Congolese 'Terminator's' rebels murdered with machetes, ICC told

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Bosco Ntaganda is accused of war crimes during his time as a rebel leader in Democratic Republic of Congo

Former Congolese warlord Bosco Ntaganda was a dreaded commander whose troops slaughtered civilians with machetes and disembowelled pregnant women, the International Criminal Court (ICC) heard on Tuesday.

In their closing statements against the man nicknamed "The Terminator," prosecutors described how his rebel army conducted a reign of terror in Ituri, in northeastern Democratic Republic of Congo, in 2002 and 2003.

"A lot of people were executed by hand, with machetes," ICC chief prosecutor Fatou Bensouda told a three-judge bench at the Hague-based tribunal.

"Some of them were disembowelled, even pregnant woman as well. They took the foetuses out of the women," Bensouda said, quoting a witness's testimony during the trial.

Prosecutors showed gruesome pictures they said depicted the aftermath of one such an attack allegedly carried out by Ntaganda's troops.

One of the frames showed a heap of bodies, with the corpse of a man on top, his hands tied behind his back and his throat slit.

"No one was ever punished for the crimes committed," by Ntaganda's troops, prosecutor Marion Rabanit told the court.

Ntaganda faces 13 counts of war crimes and five counts of crimes against humanity for his role in the brutal conflict that devastated the DR Congo's east more than 15 years ago.

"The evidence has proven beyond all reasonable doubt that Bosco Ntaganda is indeed guilty of the crimes charged against him," Bensouda added.

- Sex slaves -

Ntaganda, dressed in a black suit, dark-blue shirt and striped black tie and with a pencil moustache, listened intently with his glasses perched on his nose and occasionally taking notes.

The Rwandan-born former rebel chief pleaded not guilty to the charges at the start of his trial in September 2015.

On Tuesday, prosecutors said Ntaganda was central to planning operations for the Union of Congolese Patriots and its military wing, the Patriotic Forces for the Liberation of Congo (FPLC).

Known as a charismatic commander with a penchant for cowboy hats and fine dining, prosecuters said Ntaganda used child soldiers younger than 15 years, coerced women soldiers into sexual slavery and attacked civilians on ethnic grounds.

Ntaganda also "personally committed crimes," Bensouda said.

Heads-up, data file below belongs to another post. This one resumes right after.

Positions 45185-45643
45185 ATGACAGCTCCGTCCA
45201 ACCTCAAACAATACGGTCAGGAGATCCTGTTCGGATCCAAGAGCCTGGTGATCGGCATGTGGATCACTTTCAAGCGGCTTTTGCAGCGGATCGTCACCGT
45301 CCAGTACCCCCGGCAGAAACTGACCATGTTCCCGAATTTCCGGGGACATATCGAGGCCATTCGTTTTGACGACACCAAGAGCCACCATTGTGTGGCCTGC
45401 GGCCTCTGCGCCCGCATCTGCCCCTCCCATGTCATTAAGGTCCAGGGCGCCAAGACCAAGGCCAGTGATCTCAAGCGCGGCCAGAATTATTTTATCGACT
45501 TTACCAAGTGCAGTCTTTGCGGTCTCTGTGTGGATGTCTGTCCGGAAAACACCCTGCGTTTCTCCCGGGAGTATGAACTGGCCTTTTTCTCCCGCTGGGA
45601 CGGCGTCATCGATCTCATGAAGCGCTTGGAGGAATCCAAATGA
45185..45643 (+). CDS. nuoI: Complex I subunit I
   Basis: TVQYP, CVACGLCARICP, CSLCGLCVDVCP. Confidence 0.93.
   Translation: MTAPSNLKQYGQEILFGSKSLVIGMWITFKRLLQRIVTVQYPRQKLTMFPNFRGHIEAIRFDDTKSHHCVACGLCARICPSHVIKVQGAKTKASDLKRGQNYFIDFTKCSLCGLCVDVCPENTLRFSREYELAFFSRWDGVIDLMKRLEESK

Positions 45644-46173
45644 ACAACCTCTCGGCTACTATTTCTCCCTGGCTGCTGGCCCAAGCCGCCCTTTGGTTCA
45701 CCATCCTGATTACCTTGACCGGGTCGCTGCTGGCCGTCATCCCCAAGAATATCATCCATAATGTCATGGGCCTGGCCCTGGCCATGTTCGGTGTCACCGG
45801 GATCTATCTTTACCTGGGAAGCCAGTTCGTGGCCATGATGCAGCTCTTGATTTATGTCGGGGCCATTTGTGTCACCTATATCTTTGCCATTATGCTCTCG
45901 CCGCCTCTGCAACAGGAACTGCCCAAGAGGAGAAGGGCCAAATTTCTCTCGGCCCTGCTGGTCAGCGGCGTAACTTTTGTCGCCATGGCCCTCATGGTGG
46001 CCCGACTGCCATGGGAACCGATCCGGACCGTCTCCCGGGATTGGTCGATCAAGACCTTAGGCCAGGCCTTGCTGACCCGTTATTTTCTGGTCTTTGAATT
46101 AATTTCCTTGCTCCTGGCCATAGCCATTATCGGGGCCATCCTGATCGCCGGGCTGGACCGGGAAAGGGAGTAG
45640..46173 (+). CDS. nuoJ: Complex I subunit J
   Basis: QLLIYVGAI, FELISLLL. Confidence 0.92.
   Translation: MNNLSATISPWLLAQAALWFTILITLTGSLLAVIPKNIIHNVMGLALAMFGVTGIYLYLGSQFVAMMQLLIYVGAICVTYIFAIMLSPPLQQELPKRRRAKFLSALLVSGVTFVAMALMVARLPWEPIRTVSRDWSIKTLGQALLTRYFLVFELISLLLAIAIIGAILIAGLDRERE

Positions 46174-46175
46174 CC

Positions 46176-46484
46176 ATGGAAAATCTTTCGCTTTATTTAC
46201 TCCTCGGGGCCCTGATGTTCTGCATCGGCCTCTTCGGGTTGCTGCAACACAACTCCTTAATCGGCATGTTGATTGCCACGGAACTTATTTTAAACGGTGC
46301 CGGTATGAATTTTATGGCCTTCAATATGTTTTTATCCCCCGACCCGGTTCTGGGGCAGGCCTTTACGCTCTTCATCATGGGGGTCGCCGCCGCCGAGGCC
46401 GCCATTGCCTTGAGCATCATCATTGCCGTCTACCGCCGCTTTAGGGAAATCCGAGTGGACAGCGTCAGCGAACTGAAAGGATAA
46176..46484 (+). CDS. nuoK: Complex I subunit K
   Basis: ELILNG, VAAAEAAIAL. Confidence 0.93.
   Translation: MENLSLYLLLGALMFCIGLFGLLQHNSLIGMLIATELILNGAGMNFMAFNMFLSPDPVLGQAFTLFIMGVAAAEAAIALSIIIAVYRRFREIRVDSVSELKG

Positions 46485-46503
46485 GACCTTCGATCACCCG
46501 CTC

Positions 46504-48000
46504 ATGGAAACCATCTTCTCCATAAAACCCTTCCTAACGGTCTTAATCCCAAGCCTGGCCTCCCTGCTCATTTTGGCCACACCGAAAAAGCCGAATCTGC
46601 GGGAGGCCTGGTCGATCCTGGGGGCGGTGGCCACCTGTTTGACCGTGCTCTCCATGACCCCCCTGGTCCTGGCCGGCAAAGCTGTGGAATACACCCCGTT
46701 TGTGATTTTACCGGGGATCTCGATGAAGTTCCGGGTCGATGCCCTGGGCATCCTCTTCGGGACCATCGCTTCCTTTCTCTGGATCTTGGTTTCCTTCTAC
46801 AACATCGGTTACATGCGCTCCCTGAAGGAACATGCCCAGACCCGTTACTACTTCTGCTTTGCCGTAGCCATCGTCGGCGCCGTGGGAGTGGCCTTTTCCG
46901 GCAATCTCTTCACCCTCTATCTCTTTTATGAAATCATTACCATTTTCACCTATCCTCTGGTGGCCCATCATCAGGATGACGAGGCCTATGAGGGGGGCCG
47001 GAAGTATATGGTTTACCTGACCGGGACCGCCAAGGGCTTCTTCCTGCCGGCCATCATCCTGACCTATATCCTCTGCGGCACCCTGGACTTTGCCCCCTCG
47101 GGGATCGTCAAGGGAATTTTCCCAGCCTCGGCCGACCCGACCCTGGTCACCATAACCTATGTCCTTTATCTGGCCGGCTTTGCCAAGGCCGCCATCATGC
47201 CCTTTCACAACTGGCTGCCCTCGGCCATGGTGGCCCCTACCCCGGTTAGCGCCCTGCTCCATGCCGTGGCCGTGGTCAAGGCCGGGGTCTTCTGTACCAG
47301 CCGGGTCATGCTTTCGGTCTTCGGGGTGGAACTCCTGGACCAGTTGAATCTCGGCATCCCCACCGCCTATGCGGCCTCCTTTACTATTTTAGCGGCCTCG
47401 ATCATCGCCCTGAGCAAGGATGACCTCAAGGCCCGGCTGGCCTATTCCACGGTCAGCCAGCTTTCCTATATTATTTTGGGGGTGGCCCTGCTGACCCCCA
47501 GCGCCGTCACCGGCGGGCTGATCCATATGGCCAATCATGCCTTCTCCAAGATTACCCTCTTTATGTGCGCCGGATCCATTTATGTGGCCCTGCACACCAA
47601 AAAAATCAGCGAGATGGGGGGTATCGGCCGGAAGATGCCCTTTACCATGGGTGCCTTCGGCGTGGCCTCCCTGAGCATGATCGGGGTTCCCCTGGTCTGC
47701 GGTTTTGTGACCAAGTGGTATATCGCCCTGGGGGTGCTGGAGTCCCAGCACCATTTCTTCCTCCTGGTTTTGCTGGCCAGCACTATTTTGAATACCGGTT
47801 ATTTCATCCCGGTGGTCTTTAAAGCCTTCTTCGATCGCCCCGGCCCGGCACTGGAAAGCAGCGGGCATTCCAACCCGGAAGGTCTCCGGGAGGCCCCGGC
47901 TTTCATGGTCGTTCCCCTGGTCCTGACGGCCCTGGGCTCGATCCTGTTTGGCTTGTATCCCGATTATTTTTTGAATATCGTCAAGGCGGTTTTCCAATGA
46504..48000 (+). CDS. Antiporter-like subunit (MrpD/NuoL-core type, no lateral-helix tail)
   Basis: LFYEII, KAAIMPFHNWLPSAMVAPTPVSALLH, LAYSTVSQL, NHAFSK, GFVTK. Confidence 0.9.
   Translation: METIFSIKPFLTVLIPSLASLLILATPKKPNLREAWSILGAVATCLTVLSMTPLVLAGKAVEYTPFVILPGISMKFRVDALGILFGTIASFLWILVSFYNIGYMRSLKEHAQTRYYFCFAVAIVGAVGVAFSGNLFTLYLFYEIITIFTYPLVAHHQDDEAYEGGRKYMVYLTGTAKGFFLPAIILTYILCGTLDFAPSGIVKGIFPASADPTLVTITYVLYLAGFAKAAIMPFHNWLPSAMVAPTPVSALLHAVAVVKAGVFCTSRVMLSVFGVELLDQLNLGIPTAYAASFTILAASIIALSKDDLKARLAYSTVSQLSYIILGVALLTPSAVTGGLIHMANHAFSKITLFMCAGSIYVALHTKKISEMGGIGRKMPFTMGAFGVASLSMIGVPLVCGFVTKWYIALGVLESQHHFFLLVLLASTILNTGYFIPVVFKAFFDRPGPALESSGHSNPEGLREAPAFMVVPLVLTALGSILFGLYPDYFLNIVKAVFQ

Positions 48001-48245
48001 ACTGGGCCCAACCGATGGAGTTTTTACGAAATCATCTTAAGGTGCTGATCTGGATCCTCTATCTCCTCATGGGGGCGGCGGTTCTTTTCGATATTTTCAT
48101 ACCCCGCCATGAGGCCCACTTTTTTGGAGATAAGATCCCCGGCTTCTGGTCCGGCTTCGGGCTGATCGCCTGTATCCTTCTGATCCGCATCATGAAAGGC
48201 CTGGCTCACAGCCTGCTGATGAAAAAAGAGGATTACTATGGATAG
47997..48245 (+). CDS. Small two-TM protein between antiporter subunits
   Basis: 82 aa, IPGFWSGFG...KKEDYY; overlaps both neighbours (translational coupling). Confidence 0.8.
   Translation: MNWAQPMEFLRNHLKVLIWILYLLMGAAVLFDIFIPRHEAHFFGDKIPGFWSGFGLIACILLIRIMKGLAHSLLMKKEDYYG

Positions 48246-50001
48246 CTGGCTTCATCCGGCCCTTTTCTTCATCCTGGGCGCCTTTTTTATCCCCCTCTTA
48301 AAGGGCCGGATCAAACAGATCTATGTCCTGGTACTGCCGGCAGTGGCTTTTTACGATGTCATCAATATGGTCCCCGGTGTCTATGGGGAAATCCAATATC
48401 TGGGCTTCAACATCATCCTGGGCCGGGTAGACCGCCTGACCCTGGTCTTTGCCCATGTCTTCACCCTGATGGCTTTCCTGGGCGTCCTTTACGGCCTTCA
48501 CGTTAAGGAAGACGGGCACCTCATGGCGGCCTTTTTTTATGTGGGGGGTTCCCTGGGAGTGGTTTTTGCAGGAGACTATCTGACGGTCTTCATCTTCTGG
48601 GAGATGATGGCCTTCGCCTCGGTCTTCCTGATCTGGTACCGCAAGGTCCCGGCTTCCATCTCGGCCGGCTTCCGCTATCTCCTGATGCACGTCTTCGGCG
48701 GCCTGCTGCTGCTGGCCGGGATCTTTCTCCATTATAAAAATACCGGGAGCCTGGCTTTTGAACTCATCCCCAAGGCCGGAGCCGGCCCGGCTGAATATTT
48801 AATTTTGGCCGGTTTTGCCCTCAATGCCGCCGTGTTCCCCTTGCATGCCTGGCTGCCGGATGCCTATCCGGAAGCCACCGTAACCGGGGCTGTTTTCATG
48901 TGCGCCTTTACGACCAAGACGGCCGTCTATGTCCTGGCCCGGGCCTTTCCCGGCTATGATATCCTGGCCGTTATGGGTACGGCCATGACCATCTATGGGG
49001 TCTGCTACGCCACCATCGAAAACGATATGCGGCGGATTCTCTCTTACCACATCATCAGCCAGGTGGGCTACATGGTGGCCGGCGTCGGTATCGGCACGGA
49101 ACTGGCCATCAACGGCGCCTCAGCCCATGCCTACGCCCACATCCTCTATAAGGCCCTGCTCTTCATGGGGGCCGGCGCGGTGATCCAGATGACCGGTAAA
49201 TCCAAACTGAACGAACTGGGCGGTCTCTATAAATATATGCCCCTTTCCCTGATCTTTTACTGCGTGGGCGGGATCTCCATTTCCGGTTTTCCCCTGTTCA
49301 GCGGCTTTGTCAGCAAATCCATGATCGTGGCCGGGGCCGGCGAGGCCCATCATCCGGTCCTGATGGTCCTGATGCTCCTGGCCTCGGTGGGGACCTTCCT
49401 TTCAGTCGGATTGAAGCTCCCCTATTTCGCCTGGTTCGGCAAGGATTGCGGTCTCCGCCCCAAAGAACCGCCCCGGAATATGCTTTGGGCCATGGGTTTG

"He persecuted and attacked civilians, he murdered them, pillaged their goods, destroyed their churches and hospitals," in a bid to rid Ituri of Lendu and other inhabitants who were not from the Hema ethnic group, she said.

At least 800 people were killed by the FPLC as it battled rival militias for control of the mineral-rich area.

- 'Soldier, not criminal' -

The soft-spoken Ntaganda during his trial balked at the "Terminator" nickname however and told judges he was a "soldier, not a criminal".

Ntaganda wants to present himself as a "human being", his lawyer Stephane Bourgon told AFP. He said his client was likely to make a statement during the closing arguments.

The first-ever suspect to voluntarily surrender to the ICC, Ntaganda walked into the US embassy in Kigali in 2013 and asked to be sent to the court.

Ntaganda is also a founding member of the M23 rebel group, which was eventually defeated by Congolese government forces five years ago.

More than 60,000 people have been killed since violence erupted in the volatile Ituri region in 1999, according to rights groups.

This week's hearings will run from Tuesday to Thursday.

It could take months, even years, before the ICC's judges hand down a verdict.

The three-day hearing was followed with interest after the surprise acquittal of another former Congolese leader, Jean-Pierre Bemba.

Initially sentenced to 18 years for war crimes committed by his troops in the Central African Republic, Bemba was acquitted on appeal in June. He has since returned to Kinshasa.

However, Ntaganda's former FPLC commander, Thomas Lubanga, was sentenced to 14 years' jail in 2012. That was the second conviction by the court since it was set up 16 years ago to try the world's most horrific crimes.